Main menu:

History of RPE Thought

Posts by Tag

RSS New from the CCPA

  • CCPA in Europe for CETA speaking tour October 17, 2017
    On September 21, Canada and the European Union announced that the Comprehensive Economic and Trade Agreement (CETA), a controversial NAFTA-plus free trade deal initiated by the Harper government and signed by Prime Minister Trudeau in 2016, was now provisionally in force. In Europe, however, more than 20 countries have yet to officially ratify the deal, […]
    Canadian Centre for Policy Alternatives
  • Twelve year study of an inner-city neighbourhood October 12, 2017
    What does twelve years of community organizing look like for a North End Winnipeg neighbourhood?  Jessica Leigh survey's those years with the Dufferin community from a community development lens.  Read full report.
    Canadian Centre for Policy Alternatives
  • Losing your ID - even harder to recover when you have limited resources! October 10, 2017
    Ellen Smirl researched the barriers experienced by low-income Manitobans when faced with trying to replace lost, stolen, or never aquired idenfication forms. Read full report here.  
    Canadian Centre for Policy Alternatives
  • CCPA recommendations for a better North American trade model October 6, 2017
    The all-party House of Commons trade committee is consulting Canadians on their priorities for bilateral and trilateral North American trade in light of the current renegotiation of NAFTA. In the CCPA’s submission to this process, Scott Sinclair, Stuart Trew, and Hadrian Mertins-Kirkwood argue for a different kind of trading relationship that is inclusive, transformative, and […]
    Canadian Centre for Policy Alternatives
  • Ontario’s fair wage policy needs to be refreshed September 28, 2017
    The Ontario government is consulting on ways to modernize the province’s fair wage policy, which sets standards for wages and working conditions for government contract workers such as building cleaners, security guards, building trades and construction workers. The fair wage policy hasn’t been updated since 1995, but the labour market has changed dramatically since then. […]
    Canadian Centre for Policy Alternatives
Progressive Bloggers

Meta

Recent Blog Posts

Posts by Author

Recent Blog Comments

The Progressive Economics Forum

Drummond’s Productivity “Puzzle.”

Don Drummond confesses that he has been wrong to believe that changes in public policies – such as free trade, cuts to corporate taxes, low inflation, the  introduction of the GST, balanced budgets and reductions to inter provincial trade barriers (aka the neo liberal agenda) – are the key to improving Canada’s dismal productivity record.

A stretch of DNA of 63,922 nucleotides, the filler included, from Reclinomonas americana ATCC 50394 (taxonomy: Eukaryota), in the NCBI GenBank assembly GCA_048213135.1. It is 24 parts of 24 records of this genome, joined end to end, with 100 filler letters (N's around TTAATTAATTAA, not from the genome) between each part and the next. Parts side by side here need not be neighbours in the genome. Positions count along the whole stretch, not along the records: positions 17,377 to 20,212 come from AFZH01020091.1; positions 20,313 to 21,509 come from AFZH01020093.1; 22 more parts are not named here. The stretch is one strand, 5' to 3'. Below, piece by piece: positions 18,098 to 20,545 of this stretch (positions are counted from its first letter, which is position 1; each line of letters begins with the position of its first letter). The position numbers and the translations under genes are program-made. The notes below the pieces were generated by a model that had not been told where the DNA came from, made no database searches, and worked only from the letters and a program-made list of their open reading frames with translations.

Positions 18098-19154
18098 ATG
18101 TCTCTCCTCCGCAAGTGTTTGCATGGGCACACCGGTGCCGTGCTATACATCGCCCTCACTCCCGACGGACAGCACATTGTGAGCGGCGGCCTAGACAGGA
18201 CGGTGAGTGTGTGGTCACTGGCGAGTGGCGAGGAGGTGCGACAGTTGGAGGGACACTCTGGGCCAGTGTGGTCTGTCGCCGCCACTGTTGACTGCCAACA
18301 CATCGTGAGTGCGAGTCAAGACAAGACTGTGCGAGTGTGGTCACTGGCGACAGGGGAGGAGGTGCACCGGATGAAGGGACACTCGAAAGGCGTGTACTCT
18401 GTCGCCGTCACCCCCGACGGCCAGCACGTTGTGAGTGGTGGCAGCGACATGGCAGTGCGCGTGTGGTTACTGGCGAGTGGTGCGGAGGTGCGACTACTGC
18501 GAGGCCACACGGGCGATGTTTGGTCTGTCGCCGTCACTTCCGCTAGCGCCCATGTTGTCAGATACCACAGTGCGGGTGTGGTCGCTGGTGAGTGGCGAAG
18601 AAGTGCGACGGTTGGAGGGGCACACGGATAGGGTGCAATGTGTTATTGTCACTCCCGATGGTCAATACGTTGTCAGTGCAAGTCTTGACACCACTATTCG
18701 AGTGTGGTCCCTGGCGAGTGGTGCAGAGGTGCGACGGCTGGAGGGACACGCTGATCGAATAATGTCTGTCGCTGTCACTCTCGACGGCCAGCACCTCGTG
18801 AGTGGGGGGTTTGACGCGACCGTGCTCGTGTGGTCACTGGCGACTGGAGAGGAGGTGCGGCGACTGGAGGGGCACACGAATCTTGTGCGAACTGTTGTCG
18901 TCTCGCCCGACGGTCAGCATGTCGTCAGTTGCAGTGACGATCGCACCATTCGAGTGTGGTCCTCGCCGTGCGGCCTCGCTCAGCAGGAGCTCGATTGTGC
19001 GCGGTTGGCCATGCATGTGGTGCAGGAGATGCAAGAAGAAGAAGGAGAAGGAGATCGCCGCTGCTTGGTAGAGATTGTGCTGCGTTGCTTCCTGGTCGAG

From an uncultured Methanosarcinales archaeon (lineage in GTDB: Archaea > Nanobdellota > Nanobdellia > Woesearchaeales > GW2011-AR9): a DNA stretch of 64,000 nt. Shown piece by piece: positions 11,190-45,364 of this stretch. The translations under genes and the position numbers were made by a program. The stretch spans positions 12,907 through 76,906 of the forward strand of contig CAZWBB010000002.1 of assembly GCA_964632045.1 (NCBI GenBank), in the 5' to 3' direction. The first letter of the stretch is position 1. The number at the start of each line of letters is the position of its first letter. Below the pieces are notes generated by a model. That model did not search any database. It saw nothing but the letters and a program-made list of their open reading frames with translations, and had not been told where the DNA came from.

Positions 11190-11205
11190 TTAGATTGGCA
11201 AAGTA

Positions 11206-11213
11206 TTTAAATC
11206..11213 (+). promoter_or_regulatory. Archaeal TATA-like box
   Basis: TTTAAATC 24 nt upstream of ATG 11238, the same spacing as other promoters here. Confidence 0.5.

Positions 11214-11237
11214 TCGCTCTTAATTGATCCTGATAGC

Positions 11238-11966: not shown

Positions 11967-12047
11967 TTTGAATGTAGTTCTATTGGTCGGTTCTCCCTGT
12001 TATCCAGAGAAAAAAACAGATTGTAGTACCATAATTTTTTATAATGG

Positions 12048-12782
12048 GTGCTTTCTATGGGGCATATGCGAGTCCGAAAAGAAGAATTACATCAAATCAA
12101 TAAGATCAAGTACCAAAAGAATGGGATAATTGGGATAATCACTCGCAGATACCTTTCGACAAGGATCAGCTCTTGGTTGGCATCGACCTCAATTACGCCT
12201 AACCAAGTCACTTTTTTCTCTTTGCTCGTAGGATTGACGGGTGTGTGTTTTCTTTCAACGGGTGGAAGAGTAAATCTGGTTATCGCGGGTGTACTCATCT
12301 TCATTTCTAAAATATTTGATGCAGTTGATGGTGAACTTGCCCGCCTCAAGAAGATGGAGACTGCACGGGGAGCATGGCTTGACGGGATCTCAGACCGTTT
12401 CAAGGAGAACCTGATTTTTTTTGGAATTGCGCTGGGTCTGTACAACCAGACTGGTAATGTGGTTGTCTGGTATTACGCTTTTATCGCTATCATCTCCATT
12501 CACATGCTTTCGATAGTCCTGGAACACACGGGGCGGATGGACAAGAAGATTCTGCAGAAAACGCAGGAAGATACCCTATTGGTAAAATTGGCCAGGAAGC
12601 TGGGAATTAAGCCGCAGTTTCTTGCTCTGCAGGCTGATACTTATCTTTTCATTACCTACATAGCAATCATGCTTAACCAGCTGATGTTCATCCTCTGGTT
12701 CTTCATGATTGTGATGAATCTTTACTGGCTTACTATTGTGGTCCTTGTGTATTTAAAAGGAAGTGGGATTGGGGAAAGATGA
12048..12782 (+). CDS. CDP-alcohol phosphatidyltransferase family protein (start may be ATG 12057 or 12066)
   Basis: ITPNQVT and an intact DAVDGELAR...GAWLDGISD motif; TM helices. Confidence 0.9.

For many years the author believed that Canada’s weak productivity performance reflected inappropriate public policy. Despite most of the public policy agenda that was put forward to improve productivity being implemented. productivity growth in this country since 2000 has actually deteriorated. This suggests that the private sector bears more responsibility for Canada’s productivity malaise than previously thought.

It is indeed striking that growth of labour productivity in the business sector in Canada 2000-2010 averaged just 0.74% percent per year, about the lowest of any advanced industrial country and weak enough to drag us down to only about 70% of the US productivity level (compared to over 90% in the early 1980s.)

As corporate taxes have been cut, as free trade deals have expanded, as inflation has been firmly contained and as public debt has fallen, so has the growth rate of productivity slowed.

Drummond proceeds to call for a micro economic research agenda focused on firm behaviour.

That seems a trifle weak.

I commend to his attention the many past posts on this blog on the productivity issue (including this one on an earlier TD Bank productivity study from your’s truly.)

Our dismal productivity performance post 2000 is not puzzling at all when set in the context of the inherited weaknesses of our industrial structure:  the structural weakness of advanced manufacturing and associated  low levels of investment in innovation, high levels of foreign ownership, and a tradition of low value-added resource dependency. These weaknesses – which have been thoroughly explored and documented within the rich analytical tradition of Canadian political economy – have been exacerbated since 2000 by a new wave of de-industrialization, our reversion to a low value added energy and minerals driven economy, an over-valued exchange rate, and “Dutch disease.”

Above all, our dismal productivity record reflects a consistent refusal by governments to directly intervene in the economy to raise investment and shape comparative advantage.

The solution lies less in more research than in the promotion and development of active sectoral development and managed trade policies of the kind which Don Drummond has hitherto refused to contemplate.

 

 

 

Enjoy and share:

Comments

Comment from Jeff Dean
Time: January 4, 2012, 2:59 pm

Corporate tax cuts haven’t spurred investment and tax increases won’t stop them. The reason is that most (though not all) corporate profits are economic rent – price in excess of the necessary cost of production. I don’t know the stats, but I bet that most profits in Canada are in the privatized rent-yielding industries of banking (where money creation and interest has no real cost of production), real estate (the land portion of property appreciation has no cost of production), natural resource extraction (where natural resources are a free gift of nature), and telecom (where lack of competition drives prices higher than the necessary cost of production).

The issue is to distinguish between profits which are economic rent and profits which are necessary to incent economic activity.

Write a comment





Related articles